What a trip to get fish food showed me about Toronto’s lockdown

OPINION: Standing outside a store trying — and failing — to get pet supplies, I was struck by the confusion, contradictions, and frustrations of Ontario’s COVID-19 plan
By Matt Gurney - Published on Dec 03, 2020
Toronto was shifted to the grey zone of Ontario’s COVID-19 framework on November 23. (Rachel Verbin/CP)



I suppose I have only myself to blame.

On Wednesday, the day having gotten away from me, I retrieved my kids from school, bundled them and the dog into the car, and began driving around midtown, making stops along the way and knocking errands off my to-do list. Shopping with young kids has actually become easier during Toronto’s reimposed lockdown. So long as you can park near the entrance of your destination, curbside pickup means stepping out, grabbing your goods, and being back in a warm car in a matter of seconds — before the kids are at each other’s throats or the dog has puked (well, there was one puke, but hey).

But, as I pulled into the parking lot in front of a big-box store, on a mission to obtain food for a fish, I realized that I had no idea whether I was allowed inside or not. After months of changing rules and regulations, I had no idea what I was supposed to do.

Many others were having the same problem. A small gaggle of us stood befuddled at the doors of a big-box pet-supply store as a friendly but strained manager explained, over and over, no, you can’t come in. Yes, we are open, but we’ll have to do curbside. The manager even helpfully explained that one of the meal-delivery services in Toronto was now also delivering pet supplies.

Even by the standards of what has been a bizarre year, that still made me blink. A bento box for me and some chew toys for my little friend here. Full-service in the time of COVID-19. I wonder whether, in a few months, we’ll be Ubering our vaccines.

But back to the parking lot of confusion: the fish had food enough for a day or two more, so I dutifully placed the online order. I’ll pick up the betta flakes Thursday, I suppose. But the entire affair landed with bizarrely opportune timing. Just hours before I and a bunch of other midtowners stood dazed and confused (and cold) in a Toronto parking lot, Premier Doug Ford was trying to explain why some businesses in locked-down areas are permitted to open for in-store shopping while others are not.

The explanation he gave for allowing large big-box-style retailers to be open, but not smaller shops, makes a kind of sense. Ford said that the province’s public-health leadership wants to limit the number of excursions people make and that limiting their on-site shopping to such places as Walmart and Costco helps people get all that they need in one trip, meaning they don’t have to travel from place to place, making many stops. “What the health table's trying to do is limit the amount of visits that you're making out there,” Ford said Wednesday. “If you're going to one of the big-box retailers, it's kind of a one-stop shop. I know it's not fair; believe me, I know it's not fair. But it really limits people from going out and making four, five, six stops on the way home to pick stuff up.”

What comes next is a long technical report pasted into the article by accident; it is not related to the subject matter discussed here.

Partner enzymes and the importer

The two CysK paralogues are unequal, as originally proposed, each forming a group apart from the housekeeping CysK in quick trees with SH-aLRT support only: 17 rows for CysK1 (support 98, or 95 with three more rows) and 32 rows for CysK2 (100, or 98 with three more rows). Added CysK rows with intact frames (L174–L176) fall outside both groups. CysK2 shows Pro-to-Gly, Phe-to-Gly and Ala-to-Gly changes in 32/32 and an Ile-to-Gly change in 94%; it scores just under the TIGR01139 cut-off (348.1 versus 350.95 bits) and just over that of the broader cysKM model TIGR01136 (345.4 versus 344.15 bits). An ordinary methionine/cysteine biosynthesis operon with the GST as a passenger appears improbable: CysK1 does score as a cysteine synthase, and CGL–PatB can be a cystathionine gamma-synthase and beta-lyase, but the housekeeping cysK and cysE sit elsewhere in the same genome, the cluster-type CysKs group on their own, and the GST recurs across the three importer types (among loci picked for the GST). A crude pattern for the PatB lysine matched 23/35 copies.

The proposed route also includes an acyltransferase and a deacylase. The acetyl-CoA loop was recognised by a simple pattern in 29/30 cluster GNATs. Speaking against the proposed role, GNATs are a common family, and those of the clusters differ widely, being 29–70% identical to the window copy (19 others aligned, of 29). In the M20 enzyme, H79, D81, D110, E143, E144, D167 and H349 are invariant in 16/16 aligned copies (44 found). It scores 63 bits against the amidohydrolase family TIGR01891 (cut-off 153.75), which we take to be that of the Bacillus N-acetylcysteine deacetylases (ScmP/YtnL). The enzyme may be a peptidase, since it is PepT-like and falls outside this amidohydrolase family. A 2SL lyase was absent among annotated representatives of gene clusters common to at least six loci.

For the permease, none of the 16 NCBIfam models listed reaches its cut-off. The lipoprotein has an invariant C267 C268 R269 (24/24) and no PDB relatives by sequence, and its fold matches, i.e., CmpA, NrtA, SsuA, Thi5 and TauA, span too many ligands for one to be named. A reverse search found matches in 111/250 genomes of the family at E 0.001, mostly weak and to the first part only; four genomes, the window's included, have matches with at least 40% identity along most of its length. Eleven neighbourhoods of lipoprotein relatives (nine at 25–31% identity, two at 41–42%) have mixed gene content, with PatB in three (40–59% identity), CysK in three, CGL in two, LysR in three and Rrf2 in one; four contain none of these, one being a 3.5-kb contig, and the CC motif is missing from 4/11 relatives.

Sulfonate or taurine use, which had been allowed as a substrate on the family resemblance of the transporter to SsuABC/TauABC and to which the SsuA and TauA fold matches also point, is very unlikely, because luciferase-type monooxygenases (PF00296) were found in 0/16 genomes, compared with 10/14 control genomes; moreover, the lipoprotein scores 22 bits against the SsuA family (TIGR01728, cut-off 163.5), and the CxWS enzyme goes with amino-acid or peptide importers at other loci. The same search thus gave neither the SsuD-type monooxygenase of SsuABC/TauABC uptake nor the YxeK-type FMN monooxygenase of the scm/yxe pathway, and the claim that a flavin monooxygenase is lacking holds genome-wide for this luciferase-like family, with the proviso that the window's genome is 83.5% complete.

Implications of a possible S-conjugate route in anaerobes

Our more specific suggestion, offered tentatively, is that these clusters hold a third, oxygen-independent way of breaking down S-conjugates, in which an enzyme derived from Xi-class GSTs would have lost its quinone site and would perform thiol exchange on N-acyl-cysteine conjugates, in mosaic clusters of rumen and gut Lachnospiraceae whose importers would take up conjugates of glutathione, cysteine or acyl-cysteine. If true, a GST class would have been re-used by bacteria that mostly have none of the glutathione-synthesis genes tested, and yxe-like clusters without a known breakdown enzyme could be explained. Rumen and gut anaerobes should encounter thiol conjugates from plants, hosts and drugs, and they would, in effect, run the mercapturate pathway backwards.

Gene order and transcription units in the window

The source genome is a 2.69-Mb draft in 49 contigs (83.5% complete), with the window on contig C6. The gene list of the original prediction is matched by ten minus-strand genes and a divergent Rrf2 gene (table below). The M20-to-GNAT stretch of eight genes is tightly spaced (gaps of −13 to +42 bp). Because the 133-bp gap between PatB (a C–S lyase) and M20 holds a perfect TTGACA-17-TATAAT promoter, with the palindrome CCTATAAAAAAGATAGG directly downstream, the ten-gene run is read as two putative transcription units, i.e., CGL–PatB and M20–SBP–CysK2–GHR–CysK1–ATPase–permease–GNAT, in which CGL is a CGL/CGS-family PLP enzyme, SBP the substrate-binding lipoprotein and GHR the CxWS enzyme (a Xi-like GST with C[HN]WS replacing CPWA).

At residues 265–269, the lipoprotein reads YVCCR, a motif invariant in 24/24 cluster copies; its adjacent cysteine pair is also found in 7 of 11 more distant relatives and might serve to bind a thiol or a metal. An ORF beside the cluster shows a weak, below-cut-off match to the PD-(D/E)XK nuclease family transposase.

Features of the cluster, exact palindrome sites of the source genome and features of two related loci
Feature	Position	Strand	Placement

Unless they need fish food, I guess. I’m not sure whether the province’s public-health leaders and elected officials have quite figured out how to quite square “Do it all in one big shop to minimize your trips” with “Do curbside pickup from as many local businesses as possible,” but that’s probably another column.

It’s easy to criticize and hard to lead. Fair enough. As brutal as the lockdown is for small-business owners, I do understand what the government is trying to do. Since we don’t know (and probably can’t know) where a lot of our community-transmission cases are coming from, we have to try to reduce trips into the community in blunt, aggregate terms, and funnelling people into big-box stores is one fast way of doing that. That makes perfect sense from the strategic, big-picture view.

But one can understand the particular frustration of the small shop owners who see the government directing all their potential clients to their mammoth competitors — competitors that are probably better placed to survive disruptions to business than the little guys. Whatever sense it makes at the top level won’t translate down to the shop owners turning away single customers, masked and sanitized, because the regulations say they have to.

It’s not fair, as the premier said. Now, I’m not demanding fairness — life isn’t fair, and societal mobilizations for wars or public-health emergencies cannot land equally. Never have, never will. In an emergency, a lack of fairness isn’t itself a reason not to do a thing, if said thing needs doing. This is a bitter pill to swallow — or have rammed down your throat — but this is one of those rare instances where lives literally depend on the pills making their way down the necessary gullets.

But it doesn’t hurt to acknowledge the absurdities created by the blunt instruments, the pain and loss inflicted on innocent people, and the continuing communication nightmares that saw me — a guy who is literally paid to know this stuff — standing in a parking lot having the rules explained to be by a frazzled store manager who undoubtedly had better things to do with her time.

We’ve been doing this for almost nine months now. I thought we’d be better at it.

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